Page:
The owner's story

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Having been stored for many years, Lotus 33 R11 is poised for a sympathetic restoration

I have known R11’s owner for well over 30 years. He is an absolutely dyed-in-the-wool racing enthusiast with a highly cultured, rather studious and refined approach to his absorbing interest. He has been mentioned in many articles and books, especially on Lotus cars, only as “a private collector”  – a tag he much prefers to being named. He has, in fact, an almost phobic aversion to personal publicity. If I refer to him simply as ‘Hugh’ you’ll understand…

Hugh’s interest in motor racing derived initially from his solicitor father, who evidently enjoyed the occasional half-crown drive around Brooklands in the late 1920s and ’30s. A near neighbour in Putney had been Clive Dunfee, who crashed Bentley ‘Old No1’ fatally at the track in 1932. It was just postwar that a family friend showed Hugh a copy of The Motor magazine – “which I found fascinating” – and when he was dispatched to boarding school aged 10 “…mother ordered The Motor for me weekly and the assistant there recommended she should also add the monthly Motor Sport. To me that was like being made a member of a worldwide club – I read every copy absolutely avidly, just lapping it up…”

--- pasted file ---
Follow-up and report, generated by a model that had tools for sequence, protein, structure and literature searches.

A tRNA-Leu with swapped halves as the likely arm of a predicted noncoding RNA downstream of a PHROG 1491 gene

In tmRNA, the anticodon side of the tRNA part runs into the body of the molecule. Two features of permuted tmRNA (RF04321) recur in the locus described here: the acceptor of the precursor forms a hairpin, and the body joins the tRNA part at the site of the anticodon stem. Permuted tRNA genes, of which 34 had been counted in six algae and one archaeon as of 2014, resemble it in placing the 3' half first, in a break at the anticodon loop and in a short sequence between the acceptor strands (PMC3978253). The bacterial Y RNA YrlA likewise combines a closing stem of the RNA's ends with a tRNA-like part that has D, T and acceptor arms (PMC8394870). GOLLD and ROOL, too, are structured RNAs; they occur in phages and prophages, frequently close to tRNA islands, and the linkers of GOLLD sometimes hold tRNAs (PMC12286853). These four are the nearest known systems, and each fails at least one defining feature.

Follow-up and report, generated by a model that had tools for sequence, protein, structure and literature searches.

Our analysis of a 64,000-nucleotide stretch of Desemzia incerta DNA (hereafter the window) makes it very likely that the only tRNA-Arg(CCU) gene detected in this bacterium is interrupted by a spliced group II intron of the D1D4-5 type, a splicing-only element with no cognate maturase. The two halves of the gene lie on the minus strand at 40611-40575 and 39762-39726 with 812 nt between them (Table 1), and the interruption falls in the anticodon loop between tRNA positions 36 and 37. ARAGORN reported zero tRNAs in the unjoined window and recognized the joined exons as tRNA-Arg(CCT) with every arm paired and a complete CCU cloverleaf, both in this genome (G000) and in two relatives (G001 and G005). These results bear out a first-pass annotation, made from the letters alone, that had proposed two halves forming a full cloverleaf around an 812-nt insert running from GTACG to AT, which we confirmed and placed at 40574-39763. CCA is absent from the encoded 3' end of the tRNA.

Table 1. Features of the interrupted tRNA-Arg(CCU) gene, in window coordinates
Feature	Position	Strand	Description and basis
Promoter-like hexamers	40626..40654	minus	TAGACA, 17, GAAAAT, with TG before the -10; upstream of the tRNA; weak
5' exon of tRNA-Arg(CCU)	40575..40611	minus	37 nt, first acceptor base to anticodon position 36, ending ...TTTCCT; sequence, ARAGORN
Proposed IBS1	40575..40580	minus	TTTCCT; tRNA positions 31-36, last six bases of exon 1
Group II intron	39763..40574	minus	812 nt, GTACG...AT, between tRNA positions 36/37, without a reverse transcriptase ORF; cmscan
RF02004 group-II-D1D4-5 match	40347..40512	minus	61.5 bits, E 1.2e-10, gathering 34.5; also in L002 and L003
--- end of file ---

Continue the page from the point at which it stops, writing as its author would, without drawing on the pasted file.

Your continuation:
“We had a small bungalow not far from Goodwood. I was taken to the 1949 Easter Meeting there, and in 1950 father took my elder brother and myself to the International Trophy at Silverstone, where we saw a seriously exciting sports car race with Ascari and Serafini in a pair of truly magnificent-sounding works Ferraris. Great days… Then there was Easter Monday Goodwood, 1952 – when Mike Hawthorn absolutely blitzed everybody with the Cooper-Bristol. That was every bit as exciting as the reports made out. And I was hooked…

 “Into the mid-1950s, 1100cc sports car racing became very significant here. I appreciated Colin Chapman’s new Lotuses as beautiful, sophisticated pieces of design. I became an early member of Club Lotus and attended their meetings in the Paviours Arms on Page Street, where Colin Chapman would be deep in conversation among 10 or a dozen ardent followers, while Hazel would be radiating elegance, fine judgment and good manners…”

* * *

Hugh trained as a chartered surveyor before eventually working for himself in property investment. In May 1971 Sotheby’s held a car auction and offered a 1965 Ron Harris-Team Lotus Formula 2 Type 35, in which Jim Clark had won at Pau, Rouen, Albi, Crystal Palace and Brands Hatch, no less. It was offered – less engine and gearbox – for £1000.

He was unable to attend, but learned subsequently that the car had failed to sell. Later he saw the car in the MRE dealership in Bourne End, Buckinghamshire, beside an H16 BRM chassis fitted with a Ford V8 engine. 

 He recalls: “That little F2 car had the most fabulous history – yet it was sitting there unsold, and plainly unappreciated. The thought struck me that some amateur could buy it for a song, hack it about to accept some inappropriate engine and just smash it to pieces in some pipsqueak club race against the bank at Paddock Hill Bend. It was plainly affordable. I thought well, if I don’t save it, nobody will… and that is how my collecting began – if you like, to save such historic artefacts from the Philistines…”